AWM Story of the Week

Every week, the AWM is excited to bring you stories written by our visitors in our Story of the Day exhibit. Check back weekly for new stories, and visit the Museum to try out our typewriters and possibly be featured here!

This letter to the typewriter it was written on is adorable!

June 22, 2017

Dear Typewriter,

I think you might be a little jammed. But that is a good sign that you are being well-used, right?

I don’t have anything too precious to say except that I am glad you are still around although I wish you had a delete key and autocorrect. But I do like feeling the imprint of letters through your keys. And of course your pretty little ding.

I was going to use an exclamation mark but do not see one…I guess you don’t want to get too excited. I don’t blame you. You’ve got work to do. Like telling me when to space and shift and all that.

I have a Royal at home like you. Olympia, that maroon typewriter diagonal from you (more modern she seems) is like a Jaguar but you are like a Rolls Royce.

I hope that is not sexist of me to use car analogies to compare typewriters. Or machinist. Also, full disclosure, I know nothing about cars or typewriters.

But I do like to write. A lot..ah, right, no exclamation point. People were much more serious during your time, huh?

Anyway, I see I am running out of space.So I shall end here. I had lots of fun.

Thank you American Writers Museum. You rock.

Some thoughts on truth:

There is no truth except the truth we make for ourselves. It can be said that one creates his own destiny, but destiny itself is the wrong word to use. It is truth, not the vicissitudes of some all knowing force that we see in our future. It is that which we make for ourselves that we need to put in the forefront.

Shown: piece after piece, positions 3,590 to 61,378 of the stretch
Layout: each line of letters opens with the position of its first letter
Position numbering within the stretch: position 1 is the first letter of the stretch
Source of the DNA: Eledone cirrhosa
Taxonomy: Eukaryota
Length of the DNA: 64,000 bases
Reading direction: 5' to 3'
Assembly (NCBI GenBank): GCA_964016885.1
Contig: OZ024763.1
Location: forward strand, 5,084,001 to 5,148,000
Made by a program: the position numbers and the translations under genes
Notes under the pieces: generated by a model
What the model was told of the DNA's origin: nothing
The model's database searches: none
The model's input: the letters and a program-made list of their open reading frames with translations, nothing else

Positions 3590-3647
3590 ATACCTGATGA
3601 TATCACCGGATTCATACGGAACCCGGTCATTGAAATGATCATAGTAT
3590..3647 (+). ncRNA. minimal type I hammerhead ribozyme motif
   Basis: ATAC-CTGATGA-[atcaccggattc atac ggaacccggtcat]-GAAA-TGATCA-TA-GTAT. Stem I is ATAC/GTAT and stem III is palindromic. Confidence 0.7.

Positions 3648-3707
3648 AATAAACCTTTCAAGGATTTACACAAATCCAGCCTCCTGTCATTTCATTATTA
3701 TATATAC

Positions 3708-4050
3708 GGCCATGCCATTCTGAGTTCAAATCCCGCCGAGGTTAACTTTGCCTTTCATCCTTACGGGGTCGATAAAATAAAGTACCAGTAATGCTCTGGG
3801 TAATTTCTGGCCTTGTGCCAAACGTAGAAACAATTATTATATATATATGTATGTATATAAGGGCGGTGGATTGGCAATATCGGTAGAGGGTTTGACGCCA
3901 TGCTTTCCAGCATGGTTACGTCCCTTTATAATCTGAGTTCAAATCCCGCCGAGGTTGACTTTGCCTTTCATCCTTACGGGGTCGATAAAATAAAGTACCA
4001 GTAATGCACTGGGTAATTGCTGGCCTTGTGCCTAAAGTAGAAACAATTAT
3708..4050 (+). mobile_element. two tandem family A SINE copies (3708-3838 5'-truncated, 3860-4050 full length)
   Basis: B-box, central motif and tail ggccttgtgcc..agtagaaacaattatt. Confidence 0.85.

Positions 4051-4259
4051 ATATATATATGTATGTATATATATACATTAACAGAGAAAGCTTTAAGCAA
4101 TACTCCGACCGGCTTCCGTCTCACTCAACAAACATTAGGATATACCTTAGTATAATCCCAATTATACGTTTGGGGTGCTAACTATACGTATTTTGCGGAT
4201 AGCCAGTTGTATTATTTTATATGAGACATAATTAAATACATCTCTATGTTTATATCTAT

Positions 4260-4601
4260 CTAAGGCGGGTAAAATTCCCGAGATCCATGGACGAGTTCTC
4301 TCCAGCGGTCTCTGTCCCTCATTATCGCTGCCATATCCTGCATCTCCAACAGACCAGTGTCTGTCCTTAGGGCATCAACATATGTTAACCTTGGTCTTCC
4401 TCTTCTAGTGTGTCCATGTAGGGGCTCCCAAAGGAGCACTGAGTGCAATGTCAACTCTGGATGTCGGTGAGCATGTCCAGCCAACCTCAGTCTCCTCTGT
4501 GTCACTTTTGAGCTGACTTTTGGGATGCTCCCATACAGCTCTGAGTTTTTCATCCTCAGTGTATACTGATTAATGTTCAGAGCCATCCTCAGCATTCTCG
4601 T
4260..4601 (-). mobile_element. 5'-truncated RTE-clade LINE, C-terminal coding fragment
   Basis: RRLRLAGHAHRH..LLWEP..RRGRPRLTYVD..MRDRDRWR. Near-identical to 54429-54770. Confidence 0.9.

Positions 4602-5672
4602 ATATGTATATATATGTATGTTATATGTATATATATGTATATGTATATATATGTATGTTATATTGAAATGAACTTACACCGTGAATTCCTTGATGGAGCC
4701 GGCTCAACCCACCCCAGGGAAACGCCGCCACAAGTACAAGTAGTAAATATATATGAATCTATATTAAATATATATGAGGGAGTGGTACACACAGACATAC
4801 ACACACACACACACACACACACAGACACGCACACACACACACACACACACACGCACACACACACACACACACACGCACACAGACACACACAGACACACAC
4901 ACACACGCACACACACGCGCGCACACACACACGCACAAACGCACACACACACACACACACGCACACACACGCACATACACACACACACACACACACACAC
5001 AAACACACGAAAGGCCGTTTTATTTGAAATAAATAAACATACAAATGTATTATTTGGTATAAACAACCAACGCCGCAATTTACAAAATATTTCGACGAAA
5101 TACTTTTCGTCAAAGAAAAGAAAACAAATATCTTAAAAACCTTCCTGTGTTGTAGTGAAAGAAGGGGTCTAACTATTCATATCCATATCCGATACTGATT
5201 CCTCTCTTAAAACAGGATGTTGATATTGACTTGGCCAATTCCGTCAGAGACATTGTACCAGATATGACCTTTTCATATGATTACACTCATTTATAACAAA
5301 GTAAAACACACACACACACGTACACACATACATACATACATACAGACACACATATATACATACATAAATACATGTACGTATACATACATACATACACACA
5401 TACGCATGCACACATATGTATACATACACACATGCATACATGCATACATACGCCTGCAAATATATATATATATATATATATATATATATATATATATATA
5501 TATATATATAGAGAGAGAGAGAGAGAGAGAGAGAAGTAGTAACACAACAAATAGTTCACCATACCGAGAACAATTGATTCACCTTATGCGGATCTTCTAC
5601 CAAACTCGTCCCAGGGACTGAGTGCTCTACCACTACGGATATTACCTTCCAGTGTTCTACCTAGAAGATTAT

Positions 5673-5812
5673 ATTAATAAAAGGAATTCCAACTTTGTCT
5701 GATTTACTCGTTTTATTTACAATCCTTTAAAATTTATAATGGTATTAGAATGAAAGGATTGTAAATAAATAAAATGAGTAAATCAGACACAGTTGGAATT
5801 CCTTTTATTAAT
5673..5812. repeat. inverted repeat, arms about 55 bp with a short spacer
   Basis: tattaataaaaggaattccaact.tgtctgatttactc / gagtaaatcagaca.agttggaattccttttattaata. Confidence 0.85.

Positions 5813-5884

Even simple things can act as an anchor for memories:

In the house where I grew up, my bedroom was on the second floor. Outside my window there was a tree. I don’t know what kind of tree it was, but it is what I remember most about living in that room. All I could see out that window was seen through the branches and leaves of that tree. My whole world was filtered through it.

As a child, it was part of Middle Earth. It was what would save me from breaking a leg if I ever had to jump out of my window in the event of a house fire. Later I imagined climbing down it for an imagined rendezvous. Or perhaps a crush would climb up it to me.

Now it may be gone. I don’t know. I haven’t been home in years. But I bet it’s still there, and the child or teenager who lives in my old room is seeing the world through its leaves, too.

It’s their tree now, but it will always be mine.

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